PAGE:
For those pursuing a finance career, or professionals looking to advance in their role, it’s more important than ever to be one step ahead of the changes that are happening in the industry.
These evolutions in the industry all pose different challenges and require an advanced skill set to help you tackle them.
Here are three factors that are shaping future careers in finance.
1. Careers in finance are continually evolving with the fintech boom
From advanced technologies such as artificial intelligence (AI) permeating traditional finance roles to new career opportunities emerging in fintech startups, it’s clear that technology will continue to be a key player in future careers in finance.
Having started his career in Wall Street as a banker and investment analyst, Michael Pagano, Ph.D. knows first-hand the impact technology has had on the industry.
He is now focused on preparing students with the technical and analytics skills to face this new reality as faculty director of the Master of Science in Finance program (MSF) at the Villanova School of Business.
“Finance is a very fierce commodity-type of business, so companies and employees need to understand how to differentiate themselves. One way to do that is through efficiency and keeping a good profit margin, which can be achieved through investments in technology,” he says.
In the Master in Finance program at Villanova, students can study elective courses such as Analyzing and Leveraging Data and Programming in R, which familiarize students with how to leverage technologies to read and utilize data.
“Finance companies are using these tools day-to-day, so you need to know how to operate them for a successful career in finance,” says Michael.
The MSF curriculum aims to educate students holistically.
Michael explains that this means students will gain quantitative skills while also developing an understanding of why changes are happening and the underlying economic trends that are forcing the industry to evolve.
Cutting-edge technologies are increasingly being used in traditional finance roles. McKinsey & Company, for instance, estimates that AI can generate up to $1 trillion additional value for the global banking industry annually.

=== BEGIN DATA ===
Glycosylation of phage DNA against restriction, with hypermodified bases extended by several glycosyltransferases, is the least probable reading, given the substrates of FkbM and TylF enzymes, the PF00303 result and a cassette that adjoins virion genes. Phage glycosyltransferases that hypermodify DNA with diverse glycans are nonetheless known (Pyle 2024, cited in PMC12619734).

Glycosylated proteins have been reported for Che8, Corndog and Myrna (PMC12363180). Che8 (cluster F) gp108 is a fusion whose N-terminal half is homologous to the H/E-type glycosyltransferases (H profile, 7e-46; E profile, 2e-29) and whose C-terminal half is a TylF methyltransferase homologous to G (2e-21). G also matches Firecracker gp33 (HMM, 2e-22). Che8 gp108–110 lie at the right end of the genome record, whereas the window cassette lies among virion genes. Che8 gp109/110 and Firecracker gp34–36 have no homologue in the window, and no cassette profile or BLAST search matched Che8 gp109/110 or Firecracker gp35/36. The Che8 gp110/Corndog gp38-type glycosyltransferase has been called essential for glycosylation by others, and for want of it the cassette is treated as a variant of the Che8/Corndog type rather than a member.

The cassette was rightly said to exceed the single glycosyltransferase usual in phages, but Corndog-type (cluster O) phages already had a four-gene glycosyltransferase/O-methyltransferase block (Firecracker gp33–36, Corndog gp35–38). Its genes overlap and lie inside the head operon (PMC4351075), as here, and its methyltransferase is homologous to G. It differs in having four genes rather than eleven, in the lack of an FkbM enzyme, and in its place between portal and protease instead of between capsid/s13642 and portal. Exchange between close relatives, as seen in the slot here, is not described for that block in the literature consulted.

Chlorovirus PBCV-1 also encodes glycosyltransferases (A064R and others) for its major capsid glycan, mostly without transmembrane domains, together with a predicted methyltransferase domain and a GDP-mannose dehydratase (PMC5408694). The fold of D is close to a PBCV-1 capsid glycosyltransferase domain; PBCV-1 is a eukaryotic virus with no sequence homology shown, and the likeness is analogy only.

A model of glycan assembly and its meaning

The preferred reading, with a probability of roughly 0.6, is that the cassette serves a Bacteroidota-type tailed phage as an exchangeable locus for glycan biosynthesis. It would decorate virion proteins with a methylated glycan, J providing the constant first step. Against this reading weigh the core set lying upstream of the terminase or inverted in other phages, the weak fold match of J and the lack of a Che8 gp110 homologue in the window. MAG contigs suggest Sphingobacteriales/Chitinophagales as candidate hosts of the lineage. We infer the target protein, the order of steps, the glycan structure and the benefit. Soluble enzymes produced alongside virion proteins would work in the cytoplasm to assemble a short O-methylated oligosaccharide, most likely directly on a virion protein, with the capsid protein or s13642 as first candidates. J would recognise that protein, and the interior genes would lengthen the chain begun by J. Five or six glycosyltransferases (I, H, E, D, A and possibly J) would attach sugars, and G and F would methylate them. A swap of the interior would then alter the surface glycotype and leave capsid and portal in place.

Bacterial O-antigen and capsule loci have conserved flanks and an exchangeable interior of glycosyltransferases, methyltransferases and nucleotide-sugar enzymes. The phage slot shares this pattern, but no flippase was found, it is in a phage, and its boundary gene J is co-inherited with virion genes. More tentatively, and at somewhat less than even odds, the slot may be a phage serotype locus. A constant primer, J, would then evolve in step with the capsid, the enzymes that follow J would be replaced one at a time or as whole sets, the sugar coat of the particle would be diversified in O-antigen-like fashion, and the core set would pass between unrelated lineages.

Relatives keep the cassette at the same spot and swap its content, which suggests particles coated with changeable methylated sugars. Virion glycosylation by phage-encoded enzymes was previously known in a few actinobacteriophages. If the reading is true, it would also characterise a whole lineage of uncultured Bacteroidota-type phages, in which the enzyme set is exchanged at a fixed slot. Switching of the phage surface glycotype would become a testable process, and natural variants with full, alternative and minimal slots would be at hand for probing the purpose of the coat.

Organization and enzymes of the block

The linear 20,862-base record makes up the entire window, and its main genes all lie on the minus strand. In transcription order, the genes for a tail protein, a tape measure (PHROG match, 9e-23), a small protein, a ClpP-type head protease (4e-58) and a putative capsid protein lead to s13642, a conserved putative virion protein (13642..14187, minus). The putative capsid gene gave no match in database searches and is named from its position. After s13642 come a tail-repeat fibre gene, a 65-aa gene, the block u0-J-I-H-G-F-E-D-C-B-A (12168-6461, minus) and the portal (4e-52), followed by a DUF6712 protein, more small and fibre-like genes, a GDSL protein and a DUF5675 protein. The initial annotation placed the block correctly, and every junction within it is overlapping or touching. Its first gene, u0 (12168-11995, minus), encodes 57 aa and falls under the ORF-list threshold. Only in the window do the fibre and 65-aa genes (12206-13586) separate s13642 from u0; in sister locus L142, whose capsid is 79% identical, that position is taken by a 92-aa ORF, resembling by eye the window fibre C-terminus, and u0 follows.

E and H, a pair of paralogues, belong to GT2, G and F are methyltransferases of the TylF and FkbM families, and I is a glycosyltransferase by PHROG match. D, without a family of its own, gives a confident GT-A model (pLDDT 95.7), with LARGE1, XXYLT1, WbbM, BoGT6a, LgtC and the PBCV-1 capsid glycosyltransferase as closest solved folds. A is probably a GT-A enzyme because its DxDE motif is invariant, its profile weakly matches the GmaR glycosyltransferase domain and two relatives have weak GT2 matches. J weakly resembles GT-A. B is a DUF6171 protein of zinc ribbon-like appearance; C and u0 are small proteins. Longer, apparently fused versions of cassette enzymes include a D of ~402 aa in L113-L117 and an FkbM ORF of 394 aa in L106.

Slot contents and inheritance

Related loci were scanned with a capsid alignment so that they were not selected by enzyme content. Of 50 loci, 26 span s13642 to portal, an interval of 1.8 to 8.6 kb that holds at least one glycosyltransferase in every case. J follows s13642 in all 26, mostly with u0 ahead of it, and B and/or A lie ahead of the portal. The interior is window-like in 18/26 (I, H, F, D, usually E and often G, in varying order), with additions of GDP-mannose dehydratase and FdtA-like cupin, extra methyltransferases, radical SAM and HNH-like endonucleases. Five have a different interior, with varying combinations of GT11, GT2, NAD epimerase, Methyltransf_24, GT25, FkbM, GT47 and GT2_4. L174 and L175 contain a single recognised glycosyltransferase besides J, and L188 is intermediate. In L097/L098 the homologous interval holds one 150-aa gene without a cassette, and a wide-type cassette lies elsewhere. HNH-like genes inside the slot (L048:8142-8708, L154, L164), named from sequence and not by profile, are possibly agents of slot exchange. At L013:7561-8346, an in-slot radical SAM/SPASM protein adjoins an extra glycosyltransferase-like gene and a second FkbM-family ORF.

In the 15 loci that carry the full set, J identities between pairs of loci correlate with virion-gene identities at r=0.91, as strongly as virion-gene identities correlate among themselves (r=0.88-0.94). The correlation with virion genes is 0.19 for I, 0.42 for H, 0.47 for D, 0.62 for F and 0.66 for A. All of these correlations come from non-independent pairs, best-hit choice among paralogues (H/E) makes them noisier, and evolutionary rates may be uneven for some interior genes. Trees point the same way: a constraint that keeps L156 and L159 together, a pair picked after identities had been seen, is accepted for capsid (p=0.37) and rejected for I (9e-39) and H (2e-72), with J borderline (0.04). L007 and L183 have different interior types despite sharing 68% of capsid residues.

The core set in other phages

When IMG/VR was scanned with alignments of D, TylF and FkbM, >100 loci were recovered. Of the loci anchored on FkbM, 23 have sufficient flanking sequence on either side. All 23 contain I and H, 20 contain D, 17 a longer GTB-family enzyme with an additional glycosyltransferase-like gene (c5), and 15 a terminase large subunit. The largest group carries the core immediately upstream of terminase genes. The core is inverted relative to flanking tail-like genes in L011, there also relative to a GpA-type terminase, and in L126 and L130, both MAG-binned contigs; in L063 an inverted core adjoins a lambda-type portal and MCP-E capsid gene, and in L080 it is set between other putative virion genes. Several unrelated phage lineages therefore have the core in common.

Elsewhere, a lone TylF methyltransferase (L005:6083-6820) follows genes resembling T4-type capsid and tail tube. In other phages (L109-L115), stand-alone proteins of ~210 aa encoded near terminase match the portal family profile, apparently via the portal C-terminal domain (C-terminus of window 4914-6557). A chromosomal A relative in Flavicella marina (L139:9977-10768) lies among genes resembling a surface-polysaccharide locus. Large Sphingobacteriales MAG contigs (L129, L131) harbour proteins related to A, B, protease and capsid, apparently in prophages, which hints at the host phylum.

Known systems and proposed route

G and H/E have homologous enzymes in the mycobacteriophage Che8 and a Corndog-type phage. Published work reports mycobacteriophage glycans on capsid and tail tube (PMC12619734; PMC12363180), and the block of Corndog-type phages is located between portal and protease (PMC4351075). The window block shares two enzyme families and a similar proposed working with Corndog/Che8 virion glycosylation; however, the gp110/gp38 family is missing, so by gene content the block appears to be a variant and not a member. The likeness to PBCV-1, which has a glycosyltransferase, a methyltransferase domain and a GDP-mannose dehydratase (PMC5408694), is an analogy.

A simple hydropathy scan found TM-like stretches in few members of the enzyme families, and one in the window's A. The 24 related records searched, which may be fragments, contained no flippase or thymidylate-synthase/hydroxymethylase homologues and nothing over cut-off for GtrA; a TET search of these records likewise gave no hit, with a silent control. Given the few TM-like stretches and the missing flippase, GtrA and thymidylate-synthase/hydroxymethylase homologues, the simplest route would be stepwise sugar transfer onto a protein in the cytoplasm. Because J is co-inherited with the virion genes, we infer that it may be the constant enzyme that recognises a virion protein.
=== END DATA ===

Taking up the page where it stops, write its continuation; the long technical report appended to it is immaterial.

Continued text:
In 2023 the global fintech market is estimated to be worth $165 billion, creating a growing number of career paths for grads who want to be at the forefront of this technological boom.
2. Sustainability is shaping investment strategies
Sustainability is no longer just a buzzword in business. It has become intrinsic to how companies operate.
Investing responsibly is a vital way of working towards Net Zero carbon emissions by 2050. So, investors are increasingly valuing companies by their environmental impact, as well as their profits.
In finance careers such as portfolio management and securities analysis, you’ll need to analyze a company’s Environmental, Social, and Governance (ESG) considerations and ability to mitigate ESG-related risks.
Students in the Villanova MSF program take part in a student-managed fund course. Here, students manage real money and decide which stocks to put into the portfolio and which ones to sell, while using an ESG-focused investment mandate.
“It’s really up to the students to call the shots,” says Michael.
In 2022, investment in the low carbon energy transition reached $1.1 trillion—the first time sustainable investing has matched fossil fuel investment.
There are a growing number of roles emerging dedicated to sustainable finance. Big names in the industry such as Goldman Sachs and JP Morgan have pledged their commitment to sustainable investing and offer internships and full-time roles for graduates.
3. Remote working has impacted careers in finance
Since the Covid pandemic, remote or hybrid working has become the norm for many companies. While this may have been initially been a shock to many who were used to the office environment, now 73% of workers want flexible work options.
Remote working has the potential to reap many benefits including reducing costs, improving productivity, and increasing the representation of women in leadership positions.
However, it also means that future grads will need to hone their interpersonal skills.
“As a lot of the business world has moved online, we have lost many of the nuances of how we communicate such as body language and tone, so emotional intelligence and communication skills are more important than ever,” says Michael.
Networking trips to financial firms such as Deloitte, Deutsche Bank, and BMO Capital Markets during the Master in Finance program will allow students to connect with professionals and see how the industry is evolving first-hand.
At Villanova, the Gmelich Lab for Financial Markets also gives MSF students access to financial databases such as FactSet and TraderEx. Students will also earn a Bloomberg Certification as part of the program.
Through this, students can become familiar with financial business practice and understand how to operate whether remotely or in-person when starting their new role.
To prepare for the vast range of careers in finance available to them when they graduate, students in the Villanova Master of Science in Finance will take part in the Professional Development Program. This includes meeting with alumni currently working in the finance industry, resume development, a LinkedIn workshop, and technical interview training.
There’s no doubt that the finance industry will continue to rapidly evolve, so understanding the factors in the driving seat of these advancements—and gaining the skill set to tackle them—is crucial for a successful finance career.